Lawyers for Carlos Ghosn demanded the dismissal of financial misconduct charges against the former chairman of Nissan, arguing that Japanese prosecutors, government officials and executives at the carmaker “unlawfully colluded” to bring him down.
In a 23-page document submitted to the Tokyo District Court ahead of a pre-trial hearing held on Thursday, Mr Ghosn’s legal team laid out their most detailed defence against the four charges made against him, revealing the names of Nissan executives and a prosecutor turned defence lawyer they believed were critical in building the allegations against him.
Their main argument was consistent with previous claims that Mr Ghosn was a victim of a conspiracy by Nissan executives who were opposed to a plan to merge the Japanese group with its alliance partner Renault.
Their defence also focused primarily on what they alleged were “illegal” ways in which Tokyo prosecutors carried out their investigation with the help of Nissan employees to “unlawfully invade” Mr Ghosn’s places of residence and seize his confidential files.
“The court filings demonstrate that the prosecutors’ case, which was politically motivated and poisoned from the start, is fundamentally flawed and contradicted by evidentiary record,” the lawyers said in a statement. “This case should never have been brought.”
Mr Ghosn, who was arrested last November, has denied charges that he understated his pay in financial documents and used Nissan funds for his personal benefit. In the court filing, Mr Ghosn’s lawyers refuted each charge made against him.
At a press conference, Junichiro Hironaka, Mr Ghosn’s lawyer, alleged that the case against the former head of the Nissan-Renault alliance was “cooked up” to block merger talks between the Japanese and French carmakers that were held in the months ahead of his arrest in November.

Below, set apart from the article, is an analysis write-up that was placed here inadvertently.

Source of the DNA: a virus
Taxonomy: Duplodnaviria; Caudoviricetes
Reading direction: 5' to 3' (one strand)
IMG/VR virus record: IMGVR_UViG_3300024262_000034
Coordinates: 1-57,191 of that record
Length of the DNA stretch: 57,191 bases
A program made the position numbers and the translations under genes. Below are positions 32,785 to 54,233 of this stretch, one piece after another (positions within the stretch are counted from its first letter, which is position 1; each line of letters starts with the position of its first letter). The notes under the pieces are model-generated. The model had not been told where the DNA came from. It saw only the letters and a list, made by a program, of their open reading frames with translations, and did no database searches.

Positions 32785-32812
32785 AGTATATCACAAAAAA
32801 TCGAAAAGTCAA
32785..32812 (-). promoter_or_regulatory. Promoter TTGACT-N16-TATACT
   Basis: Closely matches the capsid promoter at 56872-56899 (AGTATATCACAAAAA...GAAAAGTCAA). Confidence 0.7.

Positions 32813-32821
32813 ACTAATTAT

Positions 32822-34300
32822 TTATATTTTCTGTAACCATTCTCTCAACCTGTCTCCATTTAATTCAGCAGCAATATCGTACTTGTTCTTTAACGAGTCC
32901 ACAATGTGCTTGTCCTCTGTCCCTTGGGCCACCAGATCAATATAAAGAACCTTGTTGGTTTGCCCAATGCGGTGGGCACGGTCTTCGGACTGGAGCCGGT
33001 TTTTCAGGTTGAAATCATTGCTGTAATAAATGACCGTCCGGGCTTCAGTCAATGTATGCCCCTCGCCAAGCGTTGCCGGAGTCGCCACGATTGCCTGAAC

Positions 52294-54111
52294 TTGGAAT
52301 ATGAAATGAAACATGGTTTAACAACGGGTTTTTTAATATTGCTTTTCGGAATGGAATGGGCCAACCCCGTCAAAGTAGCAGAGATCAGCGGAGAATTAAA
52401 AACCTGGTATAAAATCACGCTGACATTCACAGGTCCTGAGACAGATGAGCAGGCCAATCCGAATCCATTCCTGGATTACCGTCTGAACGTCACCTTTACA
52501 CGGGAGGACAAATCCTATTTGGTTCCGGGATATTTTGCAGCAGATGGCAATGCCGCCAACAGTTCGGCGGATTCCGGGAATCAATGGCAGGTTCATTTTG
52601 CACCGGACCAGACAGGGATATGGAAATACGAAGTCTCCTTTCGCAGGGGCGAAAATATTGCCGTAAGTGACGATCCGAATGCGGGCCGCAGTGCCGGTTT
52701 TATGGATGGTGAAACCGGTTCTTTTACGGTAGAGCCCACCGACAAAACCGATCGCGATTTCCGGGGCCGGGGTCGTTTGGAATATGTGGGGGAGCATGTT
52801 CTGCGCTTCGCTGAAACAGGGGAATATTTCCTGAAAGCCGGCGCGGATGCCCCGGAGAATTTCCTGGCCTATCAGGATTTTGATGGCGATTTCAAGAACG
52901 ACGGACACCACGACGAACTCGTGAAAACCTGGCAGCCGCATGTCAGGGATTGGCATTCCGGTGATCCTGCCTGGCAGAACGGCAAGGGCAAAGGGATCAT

Mr Hironaka said his team had evidence to support their claims that Nissan executives worked with officials from Japan’s Ministry of Economy, Trade and Industry to prosecute Mr Ghosn, but declined to elaborate.
“This was done as part of a broader [government-backed] policy to prevent Nissan from being handed over to France,” Mr Hironaka told reporters.
Economy ministry officials have previously said the Japanese government had never intervened in Nissan-Renault discussions or been asked by Nissan to provide support.
Nissan declined to comment on judicial proceedings. The company recently concluded a 10-month investigation in which it said it found Mr Ghosn had concealed his pay and made personal use of the company’s assets. Following its internal probe, Hiroto Saikawa, Nissan chief executive, also stepped down after he admitted to being improperly overpaid.
The public prosecutors’ office declined to comment.
The pre-trial hearings are part of a court procedure to narrow the scope of the charges ahead of the trial, which is expected to start as soon as April. But Mr Hironaka said prosecutors have denied his team access to about 6,000 pieces of evidence that could be favourable for Mr Ghosn’s case.
On the two charges that Mr Ghosn did not report more than $80m in deferred compensation that he was set to receive over eight years, his lawyers said Nissan never committed to pay the money, and that the former chairman never received any unreported compensation.
Mr Ghosn also denied a charge of breach of trust, saying payments that were made to Suhail Bahwan Automobiles, a distributor in Oman with ties to a friend of Mr Ghosn’s, were “legitimate sales and marketing bonus and incentive payments” that were fully vetted and approved by several senior Nissan executives.
Regarding another breach of trust charge looking at money transferred to Khaled al-Juffali, a prominent Saudi businessman, Mr Ghosn’s lawyers repeated previous claims that payments to Mr Juffali’s company were made for “legitimate and vitally important business services” for Nissan.